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The Malmedy Massacre: The War Crimes Trial Controversy Hardcover – 14 Mar 2017
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A first-rate book. Remy s superb analysis shows how virtually every element of the standard narrative on the Malmedy trials is wrong. --Devin Pendas, Boston College"
About the Author
Steven P. Remy is Associate Professor of History at Brooklyn College and the Graduate Center, City University of New York.
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Most helpful customer reviews on Amazon.com
But this is the type of interpretive disagreement that normally takes place among historians. Interpretive disagreement is appropriate; misstatement of another author's position is not. Remy misrepresents my overall judgment of the crucial sworn statements, without which the Malmedy case probably would not have come to trial. On page 276 of his book, he quotes me as saying that the defendants' sworn statements were "transparently worthless" and later on the same page claims that to be my assessment of all of the prosecution evidence.. Even a cursory reading of the page in my Crossroads of Death (p.148) on which "transparently worthless" occurs makes it obvious that it applies not to the defendants' sworn statements, much less to all of the prosecution evidence, but to a handful of highly unpersuasive affidavits relevant to LaGleize by two American soldiers and and several German POWs who were not defendants. My overall assessment of the sworn statements appears on page 258 of Crossroads of Death: "This analysis does not imply that the sworn statements were entirely false. Many -- probably all --contained partial truths. Some may have been entirely factual. War crimes had been committed and Waffen-SS troopers of Kampfgruppe Peiper had committed them. But the circumstances under which they were elicited must produce very grave doubts as to the overall truthfulness of this block of evidence...." Professor Remy is free to challenge that position, but not an imaginary one that he incorrectly attributes to me.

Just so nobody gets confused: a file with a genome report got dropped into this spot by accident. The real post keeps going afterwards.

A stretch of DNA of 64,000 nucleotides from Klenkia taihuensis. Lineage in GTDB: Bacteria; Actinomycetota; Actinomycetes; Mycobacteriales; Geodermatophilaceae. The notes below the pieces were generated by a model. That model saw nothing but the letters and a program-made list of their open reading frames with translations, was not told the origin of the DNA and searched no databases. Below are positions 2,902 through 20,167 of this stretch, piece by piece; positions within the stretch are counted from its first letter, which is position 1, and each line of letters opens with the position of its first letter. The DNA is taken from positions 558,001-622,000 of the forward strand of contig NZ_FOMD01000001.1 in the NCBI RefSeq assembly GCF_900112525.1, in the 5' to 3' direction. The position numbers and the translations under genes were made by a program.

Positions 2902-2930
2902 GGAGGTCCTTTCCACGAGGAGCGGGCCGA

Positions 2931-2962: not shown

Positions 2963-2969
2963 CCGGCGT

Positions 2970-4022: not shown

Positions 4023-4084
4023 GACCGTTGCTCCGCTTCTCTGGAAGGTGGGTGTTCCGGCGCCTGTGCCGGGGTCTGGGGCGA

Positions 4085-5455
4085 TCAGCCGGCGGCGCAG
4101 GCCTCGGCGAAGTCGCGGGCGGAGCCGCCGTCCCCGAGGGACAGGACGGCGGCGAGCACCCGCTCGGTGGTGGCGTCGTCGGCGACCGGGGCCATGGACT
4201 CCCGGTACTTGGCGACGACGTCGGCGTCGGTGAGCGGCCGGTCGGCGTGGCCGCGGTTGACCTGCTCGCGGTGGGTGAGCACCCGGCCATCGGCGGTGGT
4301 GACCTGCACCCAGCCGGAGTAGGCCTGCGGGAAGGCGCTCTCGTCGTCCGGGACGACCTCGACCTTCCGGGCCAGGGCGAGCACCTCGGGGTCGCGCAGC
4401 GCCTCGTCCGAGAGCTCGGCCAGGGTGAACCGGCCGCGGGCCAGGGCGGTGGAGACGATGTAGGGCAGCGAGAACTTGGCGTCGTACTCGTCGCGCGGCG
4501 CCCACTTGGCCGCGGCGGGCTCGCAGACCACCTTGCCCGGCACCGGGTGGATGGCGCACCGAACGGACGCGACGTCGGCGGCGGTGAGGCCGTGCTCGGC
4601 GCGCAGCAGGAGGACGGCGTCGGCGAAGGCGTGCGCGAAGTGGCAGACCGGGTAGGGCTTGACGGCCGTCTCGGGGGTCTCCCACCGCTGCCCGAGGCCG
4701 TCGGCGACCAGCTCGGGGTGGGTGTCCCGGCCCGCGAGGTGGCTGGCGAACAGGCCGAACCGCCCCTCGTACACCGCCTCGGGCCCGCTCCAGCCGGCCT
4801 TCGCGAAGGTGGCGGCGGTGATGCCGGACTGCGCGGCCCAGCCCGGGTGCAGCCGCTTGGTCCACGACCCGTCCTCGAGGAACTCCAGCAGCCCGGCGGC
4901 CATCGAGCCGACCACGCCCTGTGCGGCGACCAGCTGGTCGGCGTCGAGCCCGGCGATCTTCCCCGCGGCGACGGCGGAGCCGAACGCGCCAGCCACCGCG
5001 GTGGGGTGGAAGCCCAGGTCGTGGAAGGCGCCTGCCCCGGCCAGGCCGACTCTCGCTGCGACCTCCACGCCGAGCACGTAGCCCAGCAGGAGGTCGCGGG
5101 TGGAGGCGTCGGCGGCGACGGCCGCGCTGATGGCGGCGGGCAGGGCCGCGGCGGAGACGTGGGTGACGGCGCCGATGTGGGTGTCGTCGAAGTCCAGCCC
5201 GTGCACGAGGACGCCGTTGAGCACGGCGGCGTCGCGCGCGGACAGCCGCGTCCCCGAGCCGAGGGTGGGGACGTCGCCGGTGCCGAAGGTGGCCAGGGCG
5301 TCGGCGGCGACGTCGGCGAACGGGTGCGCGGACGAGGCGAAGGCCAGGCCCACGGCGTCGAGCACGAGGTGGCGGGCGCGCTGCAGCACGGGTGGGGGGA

Since Parker quotes original documents extensively, I found myself familiar with most of what was being quoted. I found one or two new things, particularly one item claiming that Peiper admitted ordering a prisoner to be shot in the Hans Hillig matter.
I did enjoy reading the section about how they coaxed the enlisted men to talk, and a lengthy quote from testimony transcript.
The author's premise takes the Ghengis Khan terror quote argument hook line and sinker, arguing that the Waffen SS was the combat equivalent of the Einsatzgruppen with a mission to terrorize the enemy. Several comments speak of the Waffen SS, the Einsatzgruppen, and concentration camp guards as if they were acting together as one.
In other places the author would phrase something in his own words and close the sentence with a quote that I had already read in full, so I knew that he was using the quote incorrectly. Overall the books reflects a lack of familiarity with the subject matter and source material and a strong bias. Then he tries to apply this to modern politics to make a social statement.
Don't waste your time with this book. Danny S. Parker is the pre-eminent and unbiased authority on Peiper. His biography, Hitler's Warrior, is the standard biography. The book, Fatal Crossroads, is the definitive work on the Malmedy Massacre, and his soon to be published 3 volume work, Peiper's War, will cover Peiper the soldier.
Perhaps 1 star is too harsh, but there are too many Malmedy books available already, with most biased for or against Peiper. In 2017, I would have expected a new book from Harvard University to resolve the contention and chart a fresh course, but instead has contributed to the count of biased books.